yptD = [2*(((-ws2ha):(ws2hb))/ws2ha) 2 * ones(ws2,1)];

2*(((-ws1ha):(ws1hb))/ws1ha)];

flipud(2*(((-ws1ha):(ws1hb))/ws1ha))];

% Calculate the positions alongth each edge (cartesian coords)

s = etime(clock, tloop);
time per loop = s/j;
X

if j>1
X

% Calculate wall time until the loop terminates


X

for j = 1:loops
X

tloop = clock;
X

ws2hb = ws2 - ws2ha-1;

compress = 0; count=0;

ws2ha = ceil(0.5*ws2);

% generate the waveforms to be played by each loudspeaker.

ws1hb = ws1-ws1ha-1;

% describe the sound field, and then use these coefficients to


X

ws1ha = ceil(0.5*ws1);

% This loop does the most significant work of generating the sound

% field. The general process is to create the alpha coefficients to

ws2 = windows - 3*ws1;

ws1 = ceil(0.25*windows);

% Calculate the length the sound moves along each edge

X
X

% Square Rotation:

fid(i) = fopen(sprintf(tmpFileName, i), a+);


end

delete(outfile);

case 3

ypt = [3 * ones(windows,1) (2*pi*((0:(windows-1)))/windows)];

disp(sprintf(Deleting: %s., outfile));

X
end

% Circular Rotation:

if exist(outfile, file) > 0

outfile = sprintf(tmpFileName, i);

for i=1:8

case 2

ypt = [2.5 * ones(windows,1) (0*pi/180) * ones(windows,1)];

% Sound Sample is stationary:

fid=zeros(8,1);

switch type

X
X

if loops > 1

type = 1;

case 1

% is also created so that it can be easily written to within the loop.

% give the impression that the sound source is moving

% not already exist, and if they do, remove them. A handle to each file

% Check if the temporary files are required, if so, make sure they do

% Generate the location information for each windows. This is used to

% Timing info.

% Index for the sound sample position

% for the sound sample

loops = ceil(windows/windows per loop);

% Array of storage for each windows

alpha = repmat(alpha, 1, windows per loop);

% that will be returned from the Fourier transform

% Output window function

alpha = struct(data, {}, I, {});

% Generate the inverse loudspeaker matrix for each discrete frequency

% Storage of soundfield values

% Input window function

w single = w;
w loudspeaker = repmat(w, 1, L);

% Setup some variables and indexes for use in the loop

ypt = cart2cyln(ypt);

len = size(y,1)-padding;

end

ypt = [yptA; yptB; yptC; yptD];

% Join the edges together and convert to cylindrical coords.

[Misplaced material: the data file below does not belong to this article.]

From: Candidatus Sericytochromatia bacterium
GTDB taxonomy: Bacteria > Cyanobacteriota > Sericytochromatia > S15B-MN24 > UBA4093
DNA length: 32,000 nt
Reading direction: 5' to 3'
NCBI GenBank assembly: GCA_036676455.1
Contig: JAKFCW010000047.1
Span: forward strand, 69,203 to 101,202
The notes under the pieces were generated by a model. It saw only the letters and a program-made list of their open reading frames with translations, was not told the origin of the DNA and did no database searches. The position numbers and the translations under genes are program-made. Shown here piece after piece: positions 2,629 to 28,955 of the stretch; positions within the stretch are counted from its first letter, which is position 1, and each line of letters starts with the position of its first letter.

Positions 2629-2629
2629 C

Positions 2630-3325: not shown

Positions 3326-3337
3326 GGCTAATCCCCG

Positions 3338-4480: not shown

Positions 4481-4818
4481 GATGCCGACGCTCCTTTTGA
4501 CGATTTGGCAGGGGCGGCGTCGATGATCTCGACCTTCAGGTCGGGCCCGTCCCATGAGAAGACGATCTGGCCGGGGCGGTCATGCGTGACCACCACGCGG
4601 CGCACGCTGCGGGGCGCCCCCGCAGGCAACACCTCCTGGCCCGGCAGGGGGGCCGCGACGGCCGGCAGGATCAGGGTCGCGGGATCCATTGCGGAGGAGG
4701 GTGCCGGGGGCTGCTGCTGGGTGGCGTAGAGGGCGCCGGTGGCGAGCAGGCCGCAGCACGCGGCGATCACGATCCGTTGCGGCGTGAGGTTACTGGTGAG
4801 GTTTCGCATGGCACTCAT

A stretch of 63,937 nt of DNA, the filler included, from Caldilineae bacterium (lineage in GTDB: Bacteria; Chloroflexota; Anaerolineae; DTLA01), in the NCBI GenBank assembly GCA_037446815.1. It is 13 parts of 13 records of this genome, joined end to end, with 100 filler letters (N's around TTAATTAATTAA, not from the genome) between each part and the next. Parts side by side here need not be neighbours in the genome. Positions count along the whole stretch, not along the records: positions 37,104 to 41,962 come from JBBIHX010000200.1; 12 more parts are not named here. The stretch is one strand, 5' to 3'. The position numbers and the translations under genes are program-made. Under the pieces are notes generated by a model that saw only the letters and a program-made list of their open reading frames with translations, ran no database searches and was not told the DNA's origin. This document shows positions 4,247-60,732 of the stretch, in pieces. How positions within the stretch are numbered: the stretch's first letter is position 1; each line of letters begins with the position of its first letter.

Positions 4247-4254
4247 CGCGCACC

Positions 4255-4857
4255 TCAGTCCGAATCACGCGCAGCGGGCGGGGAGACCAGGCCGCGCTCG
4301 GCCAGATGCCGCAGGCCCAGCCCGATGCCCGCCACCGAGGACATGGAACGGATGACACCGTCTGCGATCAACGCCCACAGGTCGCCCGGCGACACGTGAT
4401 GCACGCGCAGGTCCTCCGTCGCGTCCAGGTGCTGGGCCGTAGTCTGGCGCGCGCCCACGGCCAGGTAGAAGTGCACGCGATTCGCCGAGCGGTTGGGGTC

y = [zeros(s low,1); y; zeros(s up,1)];

s up = floor(s/2) + overlap + padding;

= sp-s;

s = mod(size(y,1), samples);

% impact on the generated sound field.

D.2 Two Dimensional Implementation


87

data = [zeros(1*samples,1); data; zeros(2*samples,1)];

low a = low a + (samples-overlap); up a = up a + (samples-overlap);

yptIdx = yptIdx+1;

% Now transform the sound field coefficients into loudspeaker

yptIdx = yptIdx - windows per loop;

ts = ts + etime(clock,tx);

end

% Progress indexes

X
X

count = count +1;

compress = compress + c;

= generateAlpha(data, k, ypt(yptIdx, :));

[alpha(i).data alpha(i).I c] ...

X
X

% Generate and store sound field coefficents

for i=1:windows per loop

data = y(low a:up a) .* w single;

tx = clock;

% low a = samples).

% original sound field in the index range low a:up a. (Note: up a -

% Apply windowing function

% Generate the sound field coefficients for each window of data of the

waveform(:, 1:(overlap+padding)) = values;

waveform = zeros(L, (samples-overlap) * (windows per loop+1)+padding);

if j > 1

end

% be overlapped.

% been through the loop before, we need to get the values that will

% Create array to store the loudspeaker waveforms, also if we have

end

if j*windows per loop > windows

windows per loop = windows - (j-1)*windows per loop;

% to evalate as per the prespecified windows per loop

% If this is the last loop, there may not be enough windows left

X
X

disp(sprintf(Starting Step %d of %d %s, j, loops, s));

end

s = sprintf((Time Left = %d:%d [m:s]), m, time left);

s=;

time left = mod(time left,60);

else

time left = ceil((loops-j)*time per loop);

m = floor(time left/60);

end

ePoint = ePoint - overlap - padding;

fwrite(fid(i), waveform(i, 1:ePoint), double);

end

values = waveform(:,ePoint:size(waveform,2));

ePoint = ePoint+1;

if not(j==loops)

% Store the data that is to be overlapped by the next window.

end

for i=1:8

% Write the data to each of the open files.

end

if not(j==loops)

ePoint = size(waveform,2);

% still have to overlap with the next window.

% loop, the last overlap values can not be stored as they

% Determine how much data we can store. If this is not the last

if not(loops==1)

% an out of main memory location (i.e. file on the hard disk).

% If there is more than one loop need to store current waveform in

% Clear up some memory

compress = compress / count;

end

low b = low b + (samples-overlap); up b = up b + (samples-overlap);


tg = tg + etime(clock,tx);

end

waveform(:, low b:up b) = waveform(:, low b:up b) + data;

% Progress indexes.

end

if not(up b > size(waveform,2))

% with previous data, and thus needs to be added.

% Slot the window into the waveform, noting that it overlaps

yptIdx = yptIdx + 1;

data = generateLoudspeaker(alpha(i), sp, w, ypt(yptIdx,:));

% Get the loudspeaker waveform for this window

for i = 1:windows per loop

low b = 1; up b = sp;

tx = clock;

% waveforms.

D.2 Two Dimensional Implementation


88

for i = 1:(L/2)

L1 = 2*i-1;

L2 = 2*i;

fseek(fid(L2), 0, -1);

right = fread(fid(L2), inf, double);

%d:%0.4g, m, ts));

%d:%0.4g, m, tg));

disp(sprintf(Average Comprsion %0.3g, compress));

disp(sprintf(Generation Time

m = floor(tg/60); tg = tg-(60*m);

disp(sprintf(Synthesis Time

m = floor(ts/60); ts = ts-(60*m);

%d:%0.4g, m, s));

% at the location ypt. As this function transforms data from the time

Y = fft(y);
Y = Y(1:(0.5*size(Y,1)+1));

X
X

for i=1:8

outfile = sprintf(tmpFileName, i);

disp(sprintf(Deleting: %s., outfile));